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Robert Wyatt - Rock Bottom CD (album) cover


Robert Wyatt


Canterbury Scene

4.28 | 903 ratings

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5 stars Rock Bottom is a unique album in my collection, though as it is the only album by Robert Wyatt that I own as of now, I cannot comment as to how it compares to other Wyatt albums. Robert Wyatt managed to crate a sorrowful, melancholy album album that does not succumb to depression. I can sit out in the sunshine and enjoy the lazy unraveling of "Sea Song," just as easily as I can find refuge in the quiver of sorrow Wyatt sings in "Alfie." Though the album was conceived in dire circumstances, Robert does not feel the need to wallow in pain, but composes--and sings especially--as if saying, "I hit rock bottom, now the only way is up." Therefore, I feel a sense of optimism even as momentary flickers of pain and heartache shine through the music, perhaps from the British sense of carrying on even in the face of overwhelming adversity. There's also another aspect to Rock Bottom that we can speculate about the condition of Robert at the time of it's writing, though perhaps it is a motif throughout his entire career. I don't know about that possibility, but it seems to me that the lyrics on Rock Bottom have an entirely surreal and absurd quality to them, even nonsensical at times. Perhaps this was Wyatt's way of communicating his situation in impersonal and less emotional terms, or perhaps it was just a means of escapism. The music on Rock Bottom is exceptional and expected of a master of the Canterbury Scene; jazz-rock is the dominant form here, and can vary from the tight construction of the semi-nautically-themed "Sea Song" and "The Last Straw" to lightly guided all-over-the-place excursions like "Little Red Riding Hood Hit the Road," and it's very similarly titled partner, "Little Red Robin Hood Hit the Road." It seems with Robert Wyatt that tragedy spawned creativity, and Rock Bottom is an excellent album to own from an extraordinary composer.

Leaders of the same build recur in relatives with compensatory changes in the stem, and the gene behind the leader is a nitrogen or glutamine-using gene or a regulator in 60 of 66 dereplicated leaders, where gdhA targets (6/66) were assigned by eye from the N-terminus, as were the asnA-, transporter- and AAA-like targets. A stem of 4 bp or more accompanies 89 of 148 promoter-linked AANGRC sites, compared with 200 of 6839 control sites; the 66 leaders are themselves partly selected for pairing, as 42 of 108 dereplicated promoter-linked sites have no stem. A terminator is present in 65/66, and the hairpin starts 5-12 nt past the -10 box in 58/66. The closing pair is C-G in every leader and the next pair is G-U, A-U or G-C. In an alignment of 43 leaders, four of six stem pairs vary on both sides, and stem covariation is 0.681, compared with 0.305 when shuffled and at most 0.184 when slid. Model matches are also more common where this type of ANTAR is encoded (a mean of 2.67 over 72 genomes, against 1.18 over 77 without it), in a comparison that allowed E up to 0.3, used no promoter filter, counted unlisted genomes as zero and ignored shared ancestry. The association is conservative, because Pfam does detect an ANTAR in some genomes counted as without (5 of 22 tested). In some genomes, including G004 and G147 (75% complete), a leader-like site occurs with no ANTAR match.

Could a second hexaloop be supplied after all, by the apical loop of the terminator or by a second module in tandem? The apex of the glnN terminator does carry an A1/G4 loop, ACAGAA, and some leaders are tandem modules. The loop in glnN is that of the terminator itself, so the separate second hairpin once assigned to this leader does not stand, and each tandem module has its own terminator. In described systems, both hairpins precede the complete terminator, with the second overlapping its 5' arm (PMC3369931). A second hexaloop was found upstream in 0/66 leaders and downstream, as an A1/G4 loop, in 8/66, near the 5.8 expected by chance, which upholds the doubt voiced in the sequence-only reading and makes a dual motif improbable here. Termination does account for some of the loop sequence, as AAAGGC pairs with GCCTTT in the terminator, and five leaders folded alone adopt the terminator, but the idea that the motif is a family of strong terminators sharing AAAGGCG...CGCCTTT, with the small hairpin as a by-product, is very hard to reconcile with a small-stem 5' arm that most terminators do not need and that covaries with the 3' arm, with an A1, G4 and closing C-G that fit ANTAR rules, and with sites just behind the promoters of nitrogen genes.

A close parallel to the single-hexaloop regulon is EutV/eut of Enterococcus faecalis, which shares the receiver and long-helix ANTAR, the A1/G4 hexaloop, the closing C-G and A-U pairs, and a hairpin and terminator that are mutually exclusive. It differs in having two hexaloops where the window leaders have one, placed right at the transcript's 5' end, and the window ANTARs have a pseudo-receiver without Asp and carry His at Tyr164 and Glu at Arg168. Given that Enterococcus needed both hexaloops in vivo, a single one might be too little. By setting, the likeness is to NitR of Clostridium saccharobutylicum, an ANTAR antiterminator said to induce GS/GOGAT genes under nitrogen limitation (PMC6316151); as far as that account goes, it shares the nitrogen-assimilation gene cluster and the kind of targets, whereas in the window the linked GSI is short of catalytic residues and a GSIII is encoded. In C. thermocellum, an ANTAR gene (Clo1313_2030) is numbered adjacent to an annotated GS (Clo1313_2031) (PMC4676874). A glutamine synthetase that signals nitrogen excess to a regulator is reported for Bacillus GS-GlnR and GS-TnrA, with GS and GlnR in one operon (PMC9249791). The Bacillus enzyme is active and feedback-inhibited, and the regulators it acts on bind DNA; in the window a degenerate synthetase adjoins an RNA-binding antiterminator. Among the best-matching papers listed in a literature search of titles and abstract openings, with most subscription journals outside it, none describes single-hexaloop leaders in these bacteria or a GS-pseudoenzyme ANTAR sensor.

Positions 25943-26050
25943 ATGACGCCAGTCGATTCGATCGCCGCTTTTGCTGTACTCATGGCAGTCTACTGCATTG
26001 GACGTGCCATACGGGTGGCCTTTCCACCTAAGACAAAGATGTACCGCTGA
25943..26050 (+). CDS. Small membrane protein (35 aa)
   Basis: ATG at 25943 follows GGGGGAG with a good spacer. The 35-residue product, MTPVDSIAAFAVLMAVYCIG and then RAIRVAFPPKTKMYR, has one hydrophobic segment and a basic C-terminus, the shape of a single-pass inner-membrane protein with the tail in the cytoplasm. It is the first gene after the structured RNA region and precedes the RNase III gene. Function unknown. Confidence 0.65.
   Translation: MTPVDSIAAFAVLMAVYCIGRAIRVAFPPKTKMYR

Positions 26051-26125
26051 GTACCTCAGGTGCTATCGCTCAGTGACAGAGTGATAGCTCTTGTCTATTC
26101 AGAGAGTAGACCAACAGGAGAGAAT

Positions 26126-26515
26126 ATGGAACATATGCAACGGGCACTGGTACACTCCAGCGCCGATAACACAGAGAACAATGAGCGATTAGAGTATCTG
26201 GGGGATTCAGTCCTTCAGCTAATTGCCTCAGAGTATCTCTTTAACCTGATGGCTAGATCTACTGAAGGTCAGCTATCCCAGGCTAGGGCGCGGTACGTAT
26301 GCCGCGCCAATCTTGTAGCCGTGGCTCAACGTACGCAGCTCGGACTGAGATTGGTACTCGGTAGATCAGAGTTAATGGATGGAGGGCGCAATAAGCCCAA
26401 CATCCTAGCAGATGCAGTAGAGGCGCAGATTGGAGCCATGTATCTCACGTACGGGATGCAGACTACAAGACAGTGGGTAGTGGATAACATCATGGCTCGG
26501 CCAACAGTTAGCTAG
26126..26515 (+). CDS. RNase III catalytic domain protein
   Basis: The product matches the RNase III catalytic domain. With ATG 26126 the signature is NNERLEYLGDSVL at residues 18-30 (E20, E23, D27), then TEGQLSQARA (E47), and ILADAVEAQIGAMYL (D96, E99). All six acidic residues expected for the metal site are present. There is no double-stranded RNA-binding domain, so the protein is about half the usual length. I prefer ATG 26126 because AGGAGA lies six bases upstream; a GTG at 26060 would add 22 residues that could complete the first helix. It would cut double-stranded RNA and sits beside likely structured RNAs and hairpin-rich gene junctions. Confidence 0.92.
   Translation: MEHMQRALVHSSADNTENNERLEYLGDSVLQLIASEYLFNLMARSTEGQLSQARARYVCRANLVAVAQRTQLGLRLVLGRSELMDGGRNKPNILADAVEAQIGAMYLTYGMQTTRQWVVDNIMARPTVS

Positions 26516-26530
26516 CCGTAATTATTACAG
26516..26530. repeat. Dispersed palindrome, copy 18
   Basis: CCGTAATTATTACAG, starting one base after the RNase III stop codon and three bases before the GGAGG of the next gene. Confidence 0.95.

stonebeard | 5/5 |


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